Hello, my name is Henry Lu, I am currently a fourth year Law and Arts student. In April 2015 I headed to Nagoya, Japan to conduct a yearlong exchange program at Nagoya University. Going to Japan I had several goals in mind, some of these included to improve my Japanese language ability, eat delicious food and of course, meet new and exciting people.
Despite having these goals, as someone who has never lived away from home, I really had no idea what to expect or how I should go about my life abroad. What if nobody likes me? What should I eat? How much money should I spend? How does the washing machine work?
But as I went along, I learnt. It wasn’t always smooth, but eventually everything took shape. I found a lifestyle that suited me, I made friends that I’d jump of cliffs for (and hopefully they’d do for me), and I found out how to work the washing machine.
While I value my improvement in Japanese and the newly obtained ability to look after myself, the most valuable acquisition was ‘perspective’. Despite going to Japan, I was able to meet hundreds of students from all over the world, each with their own views and goals. In Japan, we lived our lives, took classes and did our homework. As we did this, we opened ourselves to each other, learnt from each other and experienced the beauty of a foreign country together through different lenses.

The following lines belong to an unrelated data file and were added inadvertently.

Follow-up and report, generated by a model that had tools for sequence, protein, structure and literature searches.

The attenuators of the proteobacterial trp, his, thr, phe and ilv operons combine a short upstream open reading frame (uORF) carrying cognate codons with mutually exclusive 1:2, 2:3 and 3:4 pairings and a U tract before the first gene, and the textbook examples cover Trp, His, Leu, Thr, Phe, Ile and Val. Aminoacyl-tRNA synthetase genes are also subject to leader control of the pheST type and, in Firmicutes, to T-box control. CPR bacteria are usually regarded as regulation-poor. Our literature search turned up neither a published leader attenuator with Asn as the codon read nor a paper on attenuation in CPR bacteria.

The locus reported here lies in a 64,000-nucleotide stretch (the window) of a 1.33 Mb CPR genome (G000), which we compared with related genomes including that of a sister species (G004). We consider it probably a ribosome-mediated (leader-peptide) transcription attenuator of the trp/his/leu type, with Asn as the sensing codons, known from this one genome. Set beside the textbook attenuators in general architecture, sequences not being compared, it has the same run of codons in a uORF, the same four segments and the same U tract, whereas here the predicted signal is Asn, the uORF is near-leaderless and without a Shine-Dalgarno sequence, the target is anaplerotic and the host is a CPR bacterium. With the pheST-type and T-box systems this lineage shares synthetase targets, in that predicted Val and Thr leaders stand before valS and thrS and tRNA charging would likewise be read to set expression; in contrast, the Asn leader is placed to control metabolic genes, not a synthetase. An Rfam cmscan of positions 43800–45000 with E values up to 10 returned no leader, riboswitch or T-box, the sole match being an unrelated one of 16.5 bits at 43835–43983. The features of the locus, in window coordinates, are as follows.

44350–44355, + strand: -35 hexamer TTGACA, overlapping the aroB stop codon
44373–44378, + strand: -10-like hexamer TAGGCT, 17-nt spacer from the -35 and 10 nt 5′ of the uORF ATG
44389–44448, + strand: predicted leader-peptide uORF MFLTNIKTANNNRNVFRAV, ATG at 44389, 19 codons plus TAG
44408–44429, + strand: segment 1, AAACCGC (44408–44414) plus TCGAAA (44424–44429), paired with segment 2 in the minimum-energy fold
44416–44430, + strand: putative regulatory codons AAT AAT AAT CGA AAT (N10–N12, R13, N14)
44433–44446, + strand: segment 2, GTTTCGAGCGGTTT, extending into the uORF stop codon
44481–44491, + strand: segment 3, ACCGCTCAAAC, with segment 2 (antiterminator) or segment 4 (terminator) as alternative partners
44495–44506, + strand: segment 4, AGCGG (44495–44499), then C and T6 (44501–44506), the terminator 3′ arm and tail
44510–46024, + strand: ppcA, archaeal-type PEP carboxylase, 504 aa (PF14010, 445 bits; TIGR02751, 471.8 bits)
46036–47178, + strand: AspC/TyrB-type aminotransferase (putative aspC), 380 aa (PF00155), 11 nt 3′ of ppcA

The Japanese culture is a unique one. There is an abundance of manners and customs that are so different from those of the environment I was raised in. It is not only Japanese culture I was able to experience in Japan, there was also the cultures of all the people surrounding me. Witnessing and experiencing these different cultures first hand made me realize it really is a big world out there.
This is what makes exchange so amazing. I guess it goes without saying, but to make it clear, it allows you to have experiences you wouldn’t of had and see the world in a different way. You can live inside peaceful little Adelaide and be content, sure. But for people who want more, there is more. It could be in Adelaide, but now I know for sure, it also is definitely somewhere else.
Exchange has been one of the most valuable experiences of my life so far. There is not a country I could go into in the world and not have a house to stay in (a little exaggerated but you get the point). As a person I have grown so much and I really believe I couldn’t have had such growth spending all my university days back in little Adelaide. This isn’t to say, Adelaide is no good, but as someone born and raised in the city, there is not too much I am not familiar with. Self-development is about going out and challenging yourself. Taking yourself out of your comfort zone. And that is exactly what exchange allows you to do.